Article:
Logo MAC/AMC Mineralogical Association of Canada
Association minéralogique du Canada
Home | Online Store | Site Map | Contact Us

The Young people site
  • Minerals of Canada Poster


  • Print Version

    Read the following reviews on Special Publication 2



    Glossary of Mineral Synonyms by Jeffrey de Fourestier. Canadian Mineralogist Special Publication 2. Mineralogical Association of Canada, Ottawa, Ontario, 1999. 445 pp. ISBN 0921294441. US$50 (US$40 to MAC members)

    Back in 1997, The Canadian Mineralogist came out with its first Special Publication, Encyclopedia of Mineral Names by Blackburn & Dennen, ed. R. Martin (US$40 or US$32 to MAC members), which contained a comprehensive listing of 3800 mineral species, each given their chemical formula, first discovery, and a summary of various points of interest to the reader. However, as Jeffrey de Fourestier so aptly says in his introduction to the second Special Publication, Glossary of Mineral Synonyms: 'Over many years of collecting, one is bound to accumulate a number of specimens associated with old, discarded, discredited of uncommonly used names (not to mention names created for purposes of trade or simply to befuddle the collector).' How true. And it is with these befuddlements in mind that de Fourestier has carefully put together 432 pages of mineral synonyms, in alphabetical order, each entry accompanied by its IMA-approuved terminology in bold type, along with reference to any other synonym that may provide further enlightenment to the reader. Many vagaries are accounted for, including misspellings (does mellilite = mellite or melilite?), odiferous terminology (stinkfluss = fluorite), and unnamed or poorly defined minerals, which are listed at the back of the book. The volume is tastefully illustrated, at the start of each section, with a black-and-white drawing by Gregory Ivanyuk, and the overall typesetting is clear, if a little unimaginative. The lack of mineral formulae and other details means that, as its name would suggest, this volume cannot easily stand alone as a comprehensive mineral reference text, but should be used in conjunction with Special Publication 1 for many applications. The price for Volume 2 (US$50/40) is extremely reasonable, given the quality and quantity of material contained therein, and the book should be considered an essential text for libraries, mineralogical museums, and all serious mineral collectors.

    E. A. Dunworth
    Universitetet i Oslo


    Review published in Gems & Gemology, summer 1999, p. 158-159.  Glossary of Mineral Synonyms by Jeffrey de Fourestier, 442 pp., illus., Special Publication 2 of the Canadian Mineralogist publ. by the Mineralogical Association of Canada, Ottawa, Ontario, 1999. US$50

    With this book, the author has succeeded in compiling a glossary of undeniable utility for his intended audience of "private collectors, museum curators, researchers, and those in the gem trade." The more than 35,000 entries include an eclectic mix of synonyms, variety names, names of discredited minerals, names for synthetics, trade names, and more a-much-appreciated resource for those of us who have had to deal with cryptic mineral of gem names that eluded all of our deciphering efforts.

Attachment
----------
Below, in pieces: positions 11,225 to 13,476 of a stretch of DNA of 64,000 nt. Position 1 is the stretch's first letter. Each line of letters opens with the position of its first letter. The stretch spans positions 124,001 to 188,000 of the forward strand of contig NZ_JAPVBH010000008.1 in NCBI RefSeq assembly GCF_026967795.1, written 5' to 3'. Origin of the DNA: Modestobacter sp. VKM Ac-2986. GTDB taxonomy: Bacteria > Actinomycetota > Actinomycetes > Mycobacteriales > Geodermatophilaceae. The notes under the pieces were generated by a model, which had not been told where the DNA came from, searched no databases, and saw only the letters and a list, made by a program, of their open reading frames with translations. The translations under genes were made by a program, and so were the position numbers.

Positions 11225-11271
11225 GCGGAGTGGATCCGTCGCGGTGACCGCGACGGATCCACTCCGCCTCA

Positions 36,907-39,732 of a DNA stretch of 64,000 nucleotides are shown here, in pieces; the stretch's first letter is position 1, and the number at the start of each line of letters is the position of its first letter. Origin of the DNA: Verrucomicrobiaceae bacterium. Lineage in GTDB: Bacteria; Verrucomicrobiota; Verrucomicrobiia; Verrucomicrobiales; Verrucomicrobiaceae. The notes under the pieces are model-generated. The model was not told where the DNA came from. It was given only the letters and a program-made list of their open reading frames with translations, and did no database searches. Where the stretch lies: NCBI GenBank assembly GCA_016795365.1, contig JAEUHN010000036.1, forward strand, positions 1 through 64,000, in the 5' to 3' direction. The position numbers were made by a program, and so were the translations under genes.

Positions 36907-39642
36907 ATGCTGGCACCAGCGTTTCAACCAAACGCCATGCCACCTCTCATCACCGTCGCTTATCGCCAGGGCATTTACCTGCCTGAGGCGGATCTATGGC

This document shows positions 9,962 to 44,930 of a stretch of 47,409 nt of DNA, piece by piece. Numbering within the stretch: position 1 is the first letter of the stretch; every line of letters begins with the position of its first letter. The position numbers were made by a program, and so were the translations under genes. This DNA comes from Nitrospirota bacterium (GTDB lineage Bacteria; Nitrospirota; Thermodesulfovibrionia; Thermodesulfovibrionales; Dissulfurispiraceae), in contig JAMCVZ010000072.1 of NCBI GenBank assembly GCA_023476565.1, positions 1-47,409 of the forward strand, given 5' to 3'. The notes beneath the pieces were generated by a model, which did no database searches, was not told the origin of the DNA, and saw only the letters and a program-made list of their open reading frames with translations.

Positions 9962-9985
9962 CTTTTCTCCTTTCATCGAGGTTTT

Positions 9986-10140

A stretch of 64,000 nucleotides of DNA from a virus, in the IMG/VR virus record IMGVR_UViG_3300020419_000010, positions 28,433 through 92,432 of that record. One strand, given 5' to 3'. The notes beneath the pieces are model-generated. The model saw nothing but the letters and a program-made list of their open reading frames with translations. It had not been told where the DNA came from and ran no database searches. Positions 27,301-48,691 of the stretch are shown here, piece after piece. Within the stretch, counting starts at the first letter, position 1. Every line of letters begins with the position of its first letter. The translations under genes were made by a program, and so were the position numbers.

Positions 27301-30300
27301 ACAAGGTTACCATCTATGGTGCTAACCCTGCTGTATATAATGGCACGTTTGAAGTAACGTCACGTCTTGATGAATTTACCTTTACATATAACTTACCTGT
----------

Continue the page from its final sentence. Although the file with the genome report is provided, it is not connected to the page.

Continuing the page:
Entries are organized in alphabetical order. In most cases, the synonym is linked to the currently accepted mineral species name, occasionally with brief modifying or explanatory information. The author had made a conscientious effort to follow the nomenclature guidelines of the Commission on New Minerals and Mineral Names (CNMMN) of the International Mineralogical Association (IMA). The book is well printed and bound, and nicely (though sparingly) decorated with attractive black-and-white drawings of minerals. It is evident that the text has been carefully screened for typographical errors.

    The compilation is surprisingly inclusive. The bibliography lists many of the publications that the author scoured for names, which date from 1260 to 1998 AD; besides English, it also include texts in German, French, Spanish, and Latin, among other languages. When a name has been applied to several different materials, all are listed, and virtually every variation in spelling of a name is provided.

    Overall, this book is a marvelous resource, but it does have a few shortcomings. The conciseness of each entry makes it an excellent quick reference, but it often leaves the reader in want of more information. In particular, the significance and full meaning of some terms is not provided. Amethyst is also noted as being a synonym for corundum and beryl, but there is no mention of the fact that this usage is old and obsolete. Although I wanted to learn more about this, unfortunately no bibliographic references are provided for specific entries. It would also have been useful to include all accepted mineral species names as separate entries, regardless of whether they have synonyms. Thus, there is no entry for a mineral species (and rare gem material) without a synonym.